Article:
In U.S. Pat. No. 6,268,824, which is commonly assigned with the present application and is incorporated herein by reference, it is shown how the observable phase signal is related to the distance between the receiver and the satellite.

The features of the invention can be implemented in many application environments and operational modes. The invention is suitable for both the real-time processing mode (RTP) and for the post-processing mode (PP). It is useful in general application areas where the relative positions between Rover and Base stations can be varied in all directions (X, Y and Z axes). It is also applicable to more limited environments such as where a Base station is always in a fixed position, or where a Rover is mounted on a vehicle or on excavation equipment, etc.

The laser unit 120 and optical sensor 124 of FIG. 1 are shown in exemplary embodiments of the invention in FIGS. 5 and 6. A rotary laser device 27 projects a plurality of beams by rotary irradiation to a photodetection sensor device 28. A tripod 29 installed for approximate alignment with a known point X supports the laser device 27. The tripod 29 carries a GPS measuring device 75 and constitutes a Base station. A Rover is shown as a mobile rod 34 that carries the sensor device 28. A GPS measuring device 30 is mounted an upper end of the rod 34 and provides positional information based on signals received from a satellite. The laser beam preferably incorporates fan-shaped beams 33 a and 33 b in a vertical direction and a fan-shaped beam 33 c tilted diagonally with respect to the other two beams 33 a, 33 b forming an N-shaped configuration. It is not required that the fan-shaped beams 33 a and 33 b run in vertical directions, although detection and analysis may be benefited where they run parallel to each other and perpendicularly cross a horizontal reference plane.

Referring to the embodiment of FIG. 6, the Rover is mounted on excavation equipment such as earth mover 17 with a blade 18 having a scraping edge 18 a located at a predetermined height.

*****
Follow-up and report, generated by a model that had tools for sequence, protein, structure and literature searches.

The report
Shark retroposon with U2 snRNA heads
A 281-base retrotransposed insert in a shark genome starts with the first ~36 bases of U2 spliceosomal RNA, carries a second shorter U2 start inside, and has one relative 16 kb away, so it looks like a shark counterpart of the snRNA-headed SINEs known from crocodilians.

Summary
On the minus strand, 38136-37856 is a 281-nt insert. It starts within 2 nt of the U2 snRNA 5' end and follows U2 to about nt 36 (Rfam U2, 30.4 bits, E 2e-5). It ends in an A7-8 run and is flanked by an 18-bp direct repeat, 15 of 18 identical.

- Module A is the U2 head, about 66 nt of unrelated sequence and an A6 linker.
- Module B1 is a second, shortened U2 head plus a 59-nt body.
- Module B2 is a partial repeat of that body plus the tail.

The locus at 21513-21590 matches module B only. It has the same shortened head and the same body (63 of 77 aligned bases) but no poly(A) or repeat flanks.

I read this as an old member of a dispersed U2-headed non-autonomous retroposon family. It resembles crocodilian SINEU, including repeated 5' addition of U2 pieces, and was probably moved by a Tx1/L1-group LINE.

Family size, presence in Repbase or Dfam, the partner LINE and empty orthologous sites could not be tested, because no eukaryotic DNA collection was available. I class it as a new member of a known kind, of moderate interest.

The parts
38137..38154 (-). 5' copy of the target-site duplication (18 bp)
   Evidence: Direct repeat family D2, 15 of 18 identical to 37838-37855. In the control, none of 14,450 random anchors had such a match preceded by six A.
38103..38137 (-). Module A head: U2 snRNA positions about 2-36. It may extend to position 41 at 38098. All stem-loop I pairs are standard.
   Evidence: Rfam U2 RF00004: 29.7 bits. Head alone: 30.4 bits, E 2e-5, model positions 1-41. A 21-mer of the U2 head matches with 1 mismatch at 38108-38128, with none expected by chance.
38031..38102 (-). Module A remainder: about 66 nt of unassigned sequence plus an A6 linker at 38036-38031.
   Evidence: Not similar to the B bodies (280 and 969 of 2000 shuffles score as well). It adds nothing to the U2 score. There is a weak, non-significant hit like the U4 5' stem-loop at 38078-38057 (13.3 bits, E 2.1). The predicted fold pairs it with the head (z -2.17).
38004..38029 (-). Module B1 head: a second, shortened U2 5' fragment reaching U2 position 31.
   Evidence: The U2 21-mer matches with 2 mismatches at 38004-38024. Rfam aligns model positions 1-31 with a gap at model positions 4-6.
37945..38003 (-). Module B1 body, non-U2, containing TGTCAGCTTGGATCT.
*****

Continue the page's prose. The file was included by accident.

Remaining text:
Referring to FIG. 7, the rotary laser device 27 includes a laser projector 36 having a projection optical axis 40. The laser projection 36 is accommodated in the casing 35 for tilting at any angle. A rotator 32 is rotatably mounted on an upper portion of the laser projector 36, and a pentagonal prism 39 is mounted on the rotator 32. A motor drives the rotator through a scanning gear 41. A laser beam emitting unit 52 and a collimator lens 53 are arranged on a projection optical axis 40 together forming a projecting optical system 54. The rotator 32 includes a prism holder 55 supporting the prism 39 and a diffraction grating 56. The laser beam 33 emitted from the laser beam emitting unit 52 is turned to a parallel luminous flux by the collimator lens 53 and enters the diffraction grating 56. The incident laser beam 33 is divided by the diffraction grating 56 so as to form a plurality of fan-shaped laser beams such as 33 a, 33 b, 33 c that are deflected in a horizontal direction by the pentagonal prism 39 and are projected through a projection window 57 of the prism holder 55. The characteristics of the laser beam are controlled by a control unit 50.

It will be understood by those skilled in the art that other forms of multiple laser beams generate from a laser transmitter may be utilized in practicing the invention such as beams respectively having different characteristics such as different frequencies, different polarizations, different wavelengths, different geometric forms, and/or different intensities.

Referring to FIG. 8, a photodetection unit 62 for detecting the fan-shaped beams 33 a, 33 b, 33 c is mounted on the photodetection sensor device 28. The photodetection sensor device 28 includes display unit 63, alarm unit 64, and input unit 65, as well as storage unit 66, arithmetic unit 67, photodetection signal processing circuit 68, photodetection signal output unit 59 and tilt detector 70 for detecting the tilting of rod 34.

By obtaining a time interval ratio for a laser beam passing across the sensor device 28, it is possible to calculate a passing position for each laser beam configuration. Accordingly an elevation angle for the Rover compared to the center line of the laser transmitter can be promptly calculated. Additional details for the exemplary laser transmission, detection, and analysis system is found in commonly assigned co-pending U.S. application Ser. No. 10/732,145 filed on Dec. 10, 2003 entitled WORKING POSITION MEASURING SYSTEM, which is incorporated herein by reference.